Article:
Review: Stargate Season 4 DVD Collection

Review: Stargate Season 4

Stargate: Atlantis/Season 4 (MGM) (5 DVDs)

When I watched the original debut of Stargate: Atlantis four years ago, I admit I wasn’t that impressed.

I mean, yes, the basic premise, rediscovering the city in the title was on a planet in a different galaxy initially only accessible through the Stargate, was kind of cool. From there though, the new villains, the Wraith, left me with the impression they were just badly dressed goth players with skin conditions. Certain characters were just shallow knock-offs of the original SG-1 team. As the cast explored the city, it became more and more underwhelming with each new episode.

I guess MGM got the word, particularly after they cancelled SG-1. They must have realized if they were going to survive on this series until Stargate: Universe launches. So they effectively killed the Atlantis team’s leader, Dr. Elizabeth Weir (Torri Higginson), brought in (now) Colonel Samantha Carter (Amanda Tapping) to replace her, and upped the responsibilities of resident aliens Runner Ronon Dex (Jason Momoa) and Teyla Emmagan (Rachell Luttrell). Yes, resident brainiac Dr. Rodney McKay (David Hewlett) still strikes me as a Daniel Jackson wannabe (the same for Dex being the Pegasus galaxy equivalent of SG-1’s Teal’c), but I’ve grown to like the annoying little guy. As for lead hero John Sheppard (Joe Flannigan), he always got the job done.

To be honest, I thought the fourth season, which had the city actually take off from its planet and go into hyperspace, was something I was really going to look forward to. I had always been a sucker for the seminal science fiction classic James Blish book series Cities in Space. The concept of a city travelling through space, and it being the now found city of Atlantis, struck me as just too good to miss.

What mattered though is this season’s two-part debut, “Adrift” and “Lifeline,” did something I never expected from the show, it managed to dash my expectations into little bits, yet not disappointment me. Series showrunners Joe Mallozzi, Brad Wright, and Robert Cooper brought in the idea of what toll setting the city out into space would take, and the power needed was way more than it had. The denouement being not only did Atlantis have to go earthbound again, but find a way to take out the series other B-List villains, the Asurans, in the process. Never being a big fan of those boogie men to begin with, I found that to be particularly sweet.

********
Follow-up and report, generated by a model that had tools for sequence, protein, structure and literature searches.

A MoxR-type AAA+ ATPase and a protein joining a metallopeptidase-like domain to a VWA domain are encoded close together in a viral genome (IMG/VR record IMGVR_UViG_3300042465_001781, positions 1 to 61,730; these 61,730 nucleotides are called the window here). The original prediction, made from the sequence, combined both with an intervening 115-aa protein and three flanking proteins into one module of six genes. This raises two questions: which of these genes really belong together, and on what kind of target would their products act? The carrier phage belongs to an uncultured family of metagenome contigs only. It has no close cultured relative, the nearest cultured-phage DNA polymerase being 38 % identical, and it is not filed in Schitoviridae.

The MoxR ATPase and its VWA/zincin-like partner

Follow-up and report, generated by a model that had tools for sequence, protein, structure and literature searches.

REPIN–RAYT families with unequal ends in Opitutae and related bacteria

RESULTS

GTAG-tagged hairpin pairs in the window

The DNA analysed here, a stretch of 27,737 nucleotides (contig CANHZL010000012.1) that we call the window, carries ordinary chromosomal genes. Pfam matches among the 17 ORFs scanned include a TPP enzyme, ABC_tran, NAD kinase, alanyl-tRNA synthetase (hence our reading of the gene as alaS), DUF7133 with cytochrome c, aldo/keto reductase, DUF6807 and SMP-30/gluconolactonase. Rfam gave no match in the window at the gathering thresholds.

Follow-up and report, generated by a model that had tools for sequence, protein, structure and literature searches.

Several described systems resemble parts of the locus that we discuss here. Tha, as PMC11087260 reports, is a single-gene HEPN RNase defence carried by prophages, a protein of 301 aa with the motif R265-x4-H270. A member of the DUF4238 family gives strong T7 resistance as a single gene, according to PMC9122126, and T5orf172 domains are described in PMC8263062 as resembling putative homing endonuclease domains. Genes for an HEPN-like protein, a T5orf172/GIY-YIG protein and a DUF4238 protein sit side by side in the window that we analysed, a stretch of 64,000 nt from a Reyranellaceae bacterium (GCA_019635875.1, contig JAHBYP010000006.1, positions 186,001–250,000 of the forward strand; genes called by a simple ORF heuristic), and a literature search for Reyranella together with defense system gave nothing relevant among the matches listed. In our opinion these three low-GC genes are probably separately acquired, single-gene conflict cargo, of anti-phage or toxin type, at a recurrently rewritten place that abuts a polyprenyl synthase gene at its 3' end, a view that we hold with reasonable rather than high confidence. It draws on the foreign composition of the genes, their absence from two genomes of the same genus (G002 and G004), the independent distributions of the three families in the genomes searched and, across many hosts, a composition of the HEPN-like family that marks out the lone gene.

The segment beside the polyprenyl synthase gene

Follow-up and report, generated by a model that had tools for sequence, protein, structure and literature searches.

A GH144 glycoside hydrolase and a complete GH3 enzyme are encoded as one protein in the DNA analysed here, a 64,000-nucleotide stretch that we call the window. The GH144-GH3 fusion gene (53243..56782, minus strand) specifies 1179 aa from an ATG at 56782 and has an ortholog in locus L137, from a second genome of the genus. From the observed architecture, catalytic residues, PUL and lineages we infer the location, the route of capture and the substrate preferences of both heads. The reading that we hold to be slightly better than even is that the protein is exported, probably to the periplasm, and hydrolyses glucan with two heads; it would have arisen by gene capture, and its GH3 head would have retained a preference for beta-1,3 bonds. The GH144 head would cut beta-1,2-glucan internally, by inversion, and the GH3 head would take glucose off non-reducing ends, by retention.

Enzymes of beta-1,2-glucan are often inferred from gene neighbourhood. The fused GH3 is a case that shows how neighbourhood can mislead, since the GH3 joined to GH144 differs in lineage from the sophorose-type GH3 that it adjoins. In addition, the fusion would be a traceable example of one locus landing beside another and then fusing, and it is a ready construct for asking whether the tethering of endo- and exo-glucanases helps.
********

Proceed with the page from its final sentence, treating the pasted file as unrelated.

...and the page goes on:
Actually, if anything, the scripts felt just plain more imaginative this season than in any previous season. Maybe it’s partially due to the creative team having half as many episodes to write (from the killing of SG-1), maybe it’s that they finally got the right mix of talent and setting, but Season Four didn’t have a single stinker in the mix. I hate to knock one actor down for another, but the replacement of Weir for Carter was a vast improvement. The concept of having humanity team up with the Wraith to take out the Asurans, was a nice touch. Further, the expansion of the role of the Wraith called Todd finally was a master touch. It gave us viewers a villain up there in the league of the very complex and enjoyable heels I used to watch on Star Trek: Deep Space 9 (which, let’s face it, had the best villains in the Trek world).

As for the extra content, each episode comes with a commentary track, which has its plusses and minuses, depending on who’s doing the commentary. Other highlights include a nice interview with Tapping as well as a much needed season summary on the final disk. There are other little inserts I found handy if not entertaining in their own right.

As for the series itself? Well, as everyone now knows, Tapping is leaving shortly to work on yet another SCIFI Chanell show Sanctuary. Sources talk about further expanding the roll of Keller (Jewel Staite) and the introduction of a personal favorite actor of mine, Robert Picardo, to the cast. I’ll admit I’m actually excited about this next season. Get this boxed set and you’ll see why.

Twitter activity